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Jing Lu

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    RankT5: Fine-Tuning T5 for Text Ranking with Ranking Losses
    Jianmo Ni
    Proc. of the 46th International ACM SIGIR Conference on Research and Development in Information Retrieval (SIGIR) (2023)
    Preview abstract Pretrained language models such as BERT have been shown to be exceptionally effective for text ranking. However, there are limited studies on how to leverage more powerful sequence-to-sequence models such as T5. Existing attempts usually formulate text ranking as a classification problem and rely on postprocessing to obtain a ranked list. In this paper, we propose RankT5 and study two T5-based ranking model structures, an encoder-decoder and an encoder-only one, so that they not only can directly output ranking scores for each query-document pair, but also can be fine-tuned with "pairwise" or "listwise" ranking losses to optimize ranking performance. Our experiments show that the proposed models with ranking losses can achieve substantial ranking performance gains on different public text ranking data sets. Moreover, ranking models fine-tuned with listwise ranking losses have better zero-shot ranking performance on out-of-domain data than models fine-tuned with classification losses. View details
    Learning List-Level Domain-Invariant Representations for Ranking
    Ruicheng Xian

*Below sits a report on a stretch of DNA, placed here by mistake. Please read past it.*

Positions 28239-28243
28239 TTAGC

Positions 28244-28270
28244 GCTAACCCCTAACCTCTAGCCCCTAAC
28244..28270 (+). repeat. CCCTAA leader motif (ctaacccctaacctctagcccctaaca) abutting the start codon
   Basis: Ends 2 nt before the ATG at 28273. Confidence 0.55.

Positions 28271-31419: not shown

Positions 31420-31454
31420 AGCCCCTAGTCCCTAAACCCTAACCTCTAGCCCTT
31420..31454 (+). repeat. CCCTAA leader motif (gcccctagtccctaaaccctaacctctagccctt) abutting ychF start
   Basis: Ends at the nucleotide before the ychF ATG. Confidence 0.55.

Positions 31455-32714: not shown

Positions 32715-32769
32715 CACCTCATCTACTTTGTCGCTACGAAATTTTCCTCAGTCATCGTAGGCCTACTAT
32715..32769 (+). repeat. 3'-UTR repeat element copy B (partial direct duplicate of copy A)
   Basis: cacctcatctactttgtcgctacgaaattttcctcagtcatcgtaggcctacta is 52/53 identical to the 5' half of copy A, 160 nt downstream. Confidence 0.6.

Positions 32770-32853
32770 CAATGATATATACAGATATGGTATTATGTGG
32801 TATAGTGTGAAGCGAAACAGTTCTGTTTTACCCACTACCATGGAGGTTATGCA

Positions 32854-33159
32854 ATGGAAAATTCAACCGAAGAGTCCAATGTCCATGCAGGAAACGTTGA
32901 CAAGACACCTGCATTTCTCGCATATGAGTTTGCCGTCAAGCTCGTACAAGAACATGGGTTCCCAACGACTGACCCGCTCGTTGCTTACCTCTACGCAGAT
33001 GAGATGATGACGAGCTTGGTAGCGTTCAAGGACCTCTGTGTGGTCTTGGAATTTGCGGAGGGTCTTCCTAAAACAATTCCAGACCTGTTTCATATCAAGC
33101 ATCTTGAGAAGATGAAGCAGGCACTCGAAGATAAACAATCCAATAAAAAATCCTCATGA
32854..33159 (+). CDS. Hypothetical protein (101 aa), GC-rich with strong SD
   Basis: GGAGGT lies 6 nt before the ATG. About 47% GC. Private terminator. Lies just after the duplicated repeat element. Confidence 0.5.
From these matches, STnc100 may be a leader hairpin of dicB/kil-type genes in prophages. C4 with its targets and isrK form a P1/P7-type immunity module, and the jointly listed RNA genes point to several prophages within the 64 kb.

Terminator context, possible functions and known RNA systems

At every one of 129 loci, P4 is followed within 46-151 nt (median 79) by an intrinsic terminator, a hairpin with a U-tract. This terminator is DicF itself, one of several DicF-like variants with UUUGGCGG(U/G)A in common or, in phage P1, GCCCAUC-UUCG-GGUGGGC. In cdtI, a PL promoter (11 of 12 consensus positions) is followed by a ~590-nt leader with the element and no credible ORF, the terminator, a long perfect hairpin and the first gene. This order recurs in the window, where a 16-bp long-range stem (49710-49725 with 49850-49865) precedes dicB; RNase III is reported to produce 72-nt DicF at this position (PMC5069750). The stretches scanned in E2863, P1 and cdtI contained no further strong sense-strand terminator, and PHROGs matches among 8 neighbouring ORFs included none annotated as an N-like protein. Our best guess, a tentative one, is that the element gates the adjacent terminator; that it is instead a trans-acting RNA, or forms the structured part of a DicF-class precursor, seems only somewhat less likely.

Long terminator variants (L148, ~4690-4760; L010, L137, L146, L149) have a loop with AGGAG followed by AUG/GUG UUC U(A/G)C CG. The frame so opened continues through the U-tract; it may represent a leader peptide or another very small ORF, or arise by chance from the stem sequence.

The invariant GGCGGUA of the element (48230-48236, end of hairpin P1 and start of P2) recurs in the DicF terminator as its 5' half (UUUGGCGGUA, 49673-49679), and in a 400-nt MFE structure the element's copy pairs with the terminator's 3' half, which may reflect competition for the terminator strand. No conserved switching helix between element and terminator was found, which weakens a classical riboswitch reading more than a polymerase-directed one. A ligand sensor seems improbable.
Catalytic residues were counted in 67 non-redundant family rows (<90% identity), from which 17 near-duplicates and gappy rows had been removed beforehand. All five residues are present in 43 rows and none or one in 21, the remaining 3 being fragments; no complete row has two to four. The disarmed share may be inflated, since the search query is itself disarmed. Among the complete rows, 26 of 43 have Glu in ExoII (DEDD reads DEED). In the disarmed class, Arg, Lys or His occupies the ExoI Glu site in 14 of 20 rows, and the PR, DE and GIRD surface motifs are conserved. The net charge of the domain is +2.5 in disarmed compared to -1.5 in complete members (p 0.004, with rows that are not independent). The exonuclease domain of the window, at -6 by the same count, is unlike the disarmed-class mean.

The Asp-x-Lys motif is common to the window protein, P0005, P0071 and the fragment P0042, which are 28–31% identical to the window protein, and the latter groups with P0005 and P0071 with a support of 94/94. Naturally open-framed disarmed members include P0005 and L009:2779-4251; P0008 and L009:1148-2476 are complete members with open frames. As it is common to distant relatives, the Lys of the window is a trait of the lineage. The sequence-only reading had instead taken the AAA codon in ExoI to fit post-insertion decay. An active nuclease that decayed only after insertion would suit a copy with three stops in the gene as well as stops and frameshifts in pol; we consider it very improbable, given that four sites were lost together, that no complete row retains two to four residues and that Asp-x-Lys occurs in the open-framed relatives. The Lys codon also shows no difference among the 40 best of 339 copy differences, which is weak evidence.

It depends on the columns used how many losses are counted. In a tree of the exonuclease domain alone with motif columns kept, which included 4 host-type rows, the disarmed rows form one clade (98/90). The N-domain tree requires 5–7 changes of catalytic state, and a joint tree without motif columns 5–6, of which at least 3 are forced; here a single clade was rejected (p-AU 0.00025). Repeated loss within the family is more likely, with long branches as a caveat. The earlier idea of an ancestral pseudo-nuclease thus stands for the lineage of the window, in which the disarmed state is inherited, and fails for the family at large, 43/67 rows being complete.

Hamed Zamani
    Han Zhao
    37th Conference on Neural Information Processing Systems (NeurIPS 2023)
    Preview abstract Domain adaptation aims to transfer the knowledge learned on (data-rich) source domains to (low-resource) target domains, and a popular method is invariant representation learning, which matches and aligns the data distributions on the feature space. Although this method is studied extensively and applied on classification and regression problems, its adoption on ranking problems is sporadic, and the few existing implementations lack theoretical justifications. This paper revisits invariant representation learning for ranking. Upon reviewing prior work, we found that they implement what we call item-level alignment, which aligns the distributions of the items being ranked from all lists in aggregate but ignores their list structure. However, the list structure should be leveraged, because it is intrinsic to ranking problems where the data and the metrics are defined and computed on lists, not the items by themselves. To close this discrepancy, we propose list-level alignment—learning domain-invariant representations at the higher level of lists. The benefits are twofold: it leads to the first domain adaptation generalization bound for ranking, in turn providing theoretical support for the proposed method, and it achieves better empirical transfer performance for unsupervised domain adaptation on ranking tasks, including passage reranking. View details